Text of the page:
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Overriding rules... Please confirm!

Abimaran Kugathasan
Ranch Hand

Joined: Nov 04, 2009
Posts: 2066

In K&B's book, It's said that.....

Polymorphism lets you use a more abstract supertype (including an interface) reference to refer to one of its subtypes(including interface implementers).

That we can refers the object of a class which implements any of the sun type interface, regarding without the class hierarchy. If wrong, correct it and give a good explaination. Thanks in Advanced!


|BSc in Electronic Eng| |SCJP 6.0 91%| |SCWCD 5 92%|
Ankit Garg
Sheriff

Joined: Aug 03, 2008
Posts: 9293
    
  17

Abimaran its not clear what you want to ask. First of all the book is trying to say you this

Now coming to your question, do you want to ask why this doesn't generate any error


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Abimaran Kugathasan
Ranch Hand

Joined: Nov 04, 2009
Posts: 2066

Hi, Please explain this line. I don't understand the underlined line! Thanks in Advanced!

Polymorphism lets you use a more abstract supertype (including an interface) reference to refer to one of its subtypes(including interface implementers).

Manish A Awasthy
Greenhorn

Joined: Jan 18, 2010
Posts: 4
You know what the interfaces are right??
Interface implementers are those classes which implement the interface.
lets give an example


here k is interface and d is the interface implementer
the want to say that in polymorphism we can declare objects as
k obj=new d();
means an object is assigned to a reference variable of supertype


SCJP 1.6 98%
Abimaran Kugathasan
Ranch Hand

Joined: Nov 04, 2009
Posts: 2066

Hi, Manish A Awasthy, It's a known thing, I think, that is not explained by that underlined line!
Ramakrishna Gutha
Greenhorn

Joined: Jan 18, 2010
Posts: 16
Polymorphism refers to "1 form many ways".

Typically 2 types exist in Java.

Static Polymorphism

- The behavior/method is determined at compile time.
- Overloading is the best example for that.

Dynamic Polymorphism

- The behavior/method is determined at run time. (If the reference and Object are different).



Polymorphism allows us to design more flexible and extensible systems.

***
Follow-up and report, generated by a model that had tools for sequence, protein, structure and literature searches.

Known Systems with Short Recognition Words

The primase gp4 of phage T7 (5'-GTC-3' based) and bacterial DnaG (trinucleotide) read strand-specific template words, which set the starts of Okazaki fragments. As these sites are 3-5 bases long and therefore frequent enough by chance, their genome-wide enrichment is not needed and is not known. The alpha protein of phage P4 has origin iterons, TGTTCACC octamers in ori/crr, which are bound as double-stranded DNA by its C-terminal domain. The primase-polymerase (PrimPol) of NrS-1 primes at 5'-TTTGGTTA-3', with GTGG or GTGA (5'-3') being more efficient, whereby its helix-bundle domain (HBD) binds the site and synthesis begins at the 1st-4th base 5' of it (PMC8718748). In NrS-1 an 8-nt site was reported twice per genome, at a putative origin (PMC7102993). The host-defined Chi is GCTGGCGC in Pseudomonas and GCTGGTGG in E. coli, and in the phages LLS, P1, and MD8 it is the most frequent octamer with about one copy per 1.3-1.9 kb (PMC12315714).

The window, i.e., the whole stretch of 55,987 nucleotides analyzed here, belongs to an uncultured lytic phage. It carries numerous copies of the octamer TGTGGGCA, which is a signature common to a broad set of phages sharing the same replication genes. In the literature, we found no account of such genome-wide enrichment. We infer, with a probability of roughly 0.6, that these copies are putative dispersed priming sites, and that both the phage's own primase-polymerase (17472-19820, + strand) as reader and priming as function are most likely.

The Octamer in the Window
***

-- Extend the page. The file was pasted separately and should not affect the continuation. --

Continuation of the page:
Abimaran Kugathasan
Ranch Hand

Joined: Nov 04, 2009
Posts: 2066

Not this......
Ramakrishna Gutha
Greenhorn

Joined: Jan 18, 2010
Posts: 16
What exactly you want ??
Simran Dass
Ranch Hand

Joined: Jan 09, 2010
Posts: 183


Yeah Ankit I cannot understand why the foll works (your e.g) : -

interface MyInterface {}
class MyClass {} //no relation between class and interface
class Main {
public static void main(String[] args) {
MyClass c = new MyClass();
MyInterface i = (MyInterface) c; //allowed
}
}
Tapio Niemela
Ranch Hand

Joined: Jan 06, 2006
Posts: 77
Simran Dass wrote:

Yeah Ankit I cannot understand why the foll works (your e.g) : -

interface MyInterface {}
class MyClass {} //no relation between class and interface
class Main {
public static void main(String[] args) {
MyClass c = new MyClass();
MyInterface i = (MyInterface) c; //allowed
}
}


It's because the compiler doesn't know the "actual" type, so it can't deny this. Think about it, you might have subclass of MyClass which implements MyInterface. Making MyClass final (and not implementing MyInterface there/any superclass of that) will deny compiling this code..
Harpreet Singh janda
Ranch Hand

Joined: Jan 14, 2010
Posts: 317

Then why this is not legal?

Ramakrishna Gutha
Greenhorn

Joined: Jan 18, 2010
Posts: 16
Hi Harpreet,

This code is not legal.



This is reason why Java is called strictly typed language because "casting to type should be valid".

In the above code if the MyClass is a subclass of MyTestClass then at the compile time it is valid. But at the runtime it throws ClassCastException.


Hope you got cleared.

Regards
GRK
Harpreet Singh janda
Ranch Hand

Joined: Jan 14, 2010
Posts: 317

Yes, You are right this is illegal because java is strictly typed language. But why JAVA behave strange in case of interface and why


is legal is above example?

Sorry for bugging you but i did not get the point mentioned above.
 
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